Retirees file lawsuit against Y-12 contractor

Charlene Edwards leads about 100 retirees from Y-12 gathered along Scarboro Road to the old guard tower near the entrance to the plant to protest changes in their benefits Thursday, Dec. 4, 2014.   (MICHAEL PATRICK/NEWS SENTINEL)Charlene Edwards, one of the plaintiffs in a federal lawsuit filed against Consolidated Nuclear Security, is shown here leading a protest about benefit changes at Y-12 on Dec. 4, 2014. (KNS photo/Michael Patrick)

A federal lawsuit filed this week on behalf of Y-12 retirees claims that their health care benefits were dramatically reduced by a new contractor, violating promises made to them when they retired from the federal facility in Oak Ridge.

“The plaintiffs … were defrauded by being led to believe that their employment agreements provided them with a specific level of benefits,” the lawsuit filed in U.S. District Court in Knoxville states.

The suit was filed by attorney Greg Coleman on behalf of retired Y-12 employees Betty Hatmaker and Charlene Edwards — two of the organizers of rallies last year in Oak Ridge to protest the change in benefits implemented by Consolidated Nuclear Security. The lawsuit also seeks class-action status to represent thousands of other retirees and spouses.

CNS took over management of Y-12 in mid-2014, replacing Babcock & Wilcox Technical Services as the contractor at the Y-12 nuclear weapons plant in Oak Ridge and Pantex, a sister plant in Texas.

According to the lawsuit, employees at Y-12 were misled or misinformed about the value of their benefits and, after the benefits program was changed by CNS, the retirees encountered higher costs and reduced health care benefits as a result.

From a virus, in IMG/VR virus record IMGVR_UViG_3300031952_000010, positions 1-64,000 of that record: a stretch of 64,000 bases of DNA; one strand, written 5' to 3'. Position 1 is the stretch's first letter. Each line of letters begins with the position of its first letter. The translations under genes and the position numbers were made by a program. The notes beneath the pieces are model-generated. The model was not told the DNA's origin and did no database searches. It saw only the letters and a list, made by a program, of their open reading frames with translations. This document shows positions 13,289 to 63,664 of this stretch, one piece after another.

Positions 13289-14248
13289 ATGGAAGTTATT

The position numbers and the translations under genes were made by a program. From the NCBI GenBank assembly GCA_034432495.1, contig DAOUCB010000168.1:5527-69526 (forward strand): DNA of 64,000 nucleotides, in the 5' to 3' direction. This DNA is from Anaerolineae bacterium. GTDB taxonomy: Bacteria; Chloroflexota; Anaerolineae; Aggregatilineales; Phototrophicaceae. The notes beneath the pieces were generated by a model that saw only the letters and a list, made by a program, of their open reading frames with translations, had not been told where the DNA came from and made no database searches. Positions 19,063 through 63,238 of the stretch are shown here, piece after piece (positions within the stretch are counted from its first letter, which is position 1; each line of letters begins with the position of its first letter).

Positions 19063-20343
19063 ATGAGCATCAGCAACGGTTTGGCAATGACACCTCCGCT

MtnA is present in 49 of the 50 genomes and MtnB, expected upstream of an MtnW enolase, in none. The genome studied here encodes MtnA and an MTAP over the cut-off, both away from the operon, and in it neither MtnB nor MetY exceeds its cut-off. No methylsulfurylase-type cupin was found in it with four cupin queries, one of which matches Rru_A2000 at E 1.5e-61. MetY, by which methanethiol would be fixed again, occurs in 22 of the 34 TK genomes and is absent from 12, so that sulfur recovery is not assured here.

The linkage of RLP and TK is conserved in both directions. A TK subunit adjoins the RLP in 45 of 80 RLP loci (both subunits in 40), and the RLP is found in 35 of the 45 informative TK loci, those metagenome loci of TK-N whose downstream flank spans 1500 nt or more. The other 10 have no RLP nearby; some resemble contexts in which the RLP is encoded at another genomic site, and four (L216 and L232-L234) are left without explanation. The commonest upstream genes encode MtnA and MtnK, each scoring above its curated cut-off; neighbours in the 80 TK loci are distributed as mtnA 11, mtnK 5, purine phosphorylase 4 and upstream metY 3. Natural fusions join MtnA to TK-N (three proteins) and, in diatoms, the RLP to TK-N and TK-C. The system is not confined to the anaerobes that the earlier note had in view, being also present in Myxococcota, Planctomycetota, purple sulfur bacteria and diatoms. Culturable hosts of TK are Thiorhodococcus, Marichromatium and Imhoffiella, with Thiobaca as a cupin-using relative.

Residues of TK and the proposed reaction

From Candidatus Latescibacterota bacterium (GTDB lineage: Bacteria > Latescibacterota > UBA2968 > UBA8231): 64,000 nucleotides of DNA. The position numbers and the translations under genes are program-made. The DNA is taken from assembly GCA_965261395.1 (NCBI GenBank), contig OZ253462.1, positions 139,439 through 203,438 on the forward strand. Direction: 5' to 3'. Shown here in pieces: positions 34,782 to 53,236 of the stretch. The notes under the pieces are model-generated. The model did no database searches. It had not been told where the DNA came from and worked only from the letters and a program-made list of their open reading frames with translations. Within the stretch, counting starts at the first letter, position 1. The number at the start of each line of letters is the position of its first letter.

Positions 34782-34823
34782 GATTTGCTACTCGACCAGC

The lawsuit says that some employees opted for early-retirement programs with the understanding that they would continue to receive the same health benefits “for the entire duration” off their retirement. Had they known otherwise, some employees would not have chosen to retire at that time, the suit states.

“On January 1, 2015, CNS made several changes to the health care and welfare benefits of the plaintiffs and the classes which significantly altered the cost, coverage and value of their health care benefits,” the lawsuit states.

The legal complaint is seeking to either restore their benefits to the level that preceded the CNS changes or to be reimbursed for the value of the out-of-pocket costs endured by the plaintiffs and the reduction in benefits.

Jason Bohne, the communications director for CNS, said the contractor had not yet received a copy of the federal lawsuit and had no comment.

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About Frank Munger

Senior Writer Frank Munger covers the Dept. of Energy's Oak Ridge facilities and many related topics — nuclear weapons, nuclear waste and other things nuclear, environmental cleanup and science of all sorts. Atomic City Underground is, first and foremost, a news blog, but there's room for analysis, opinion and random thoughts that have no place else to go.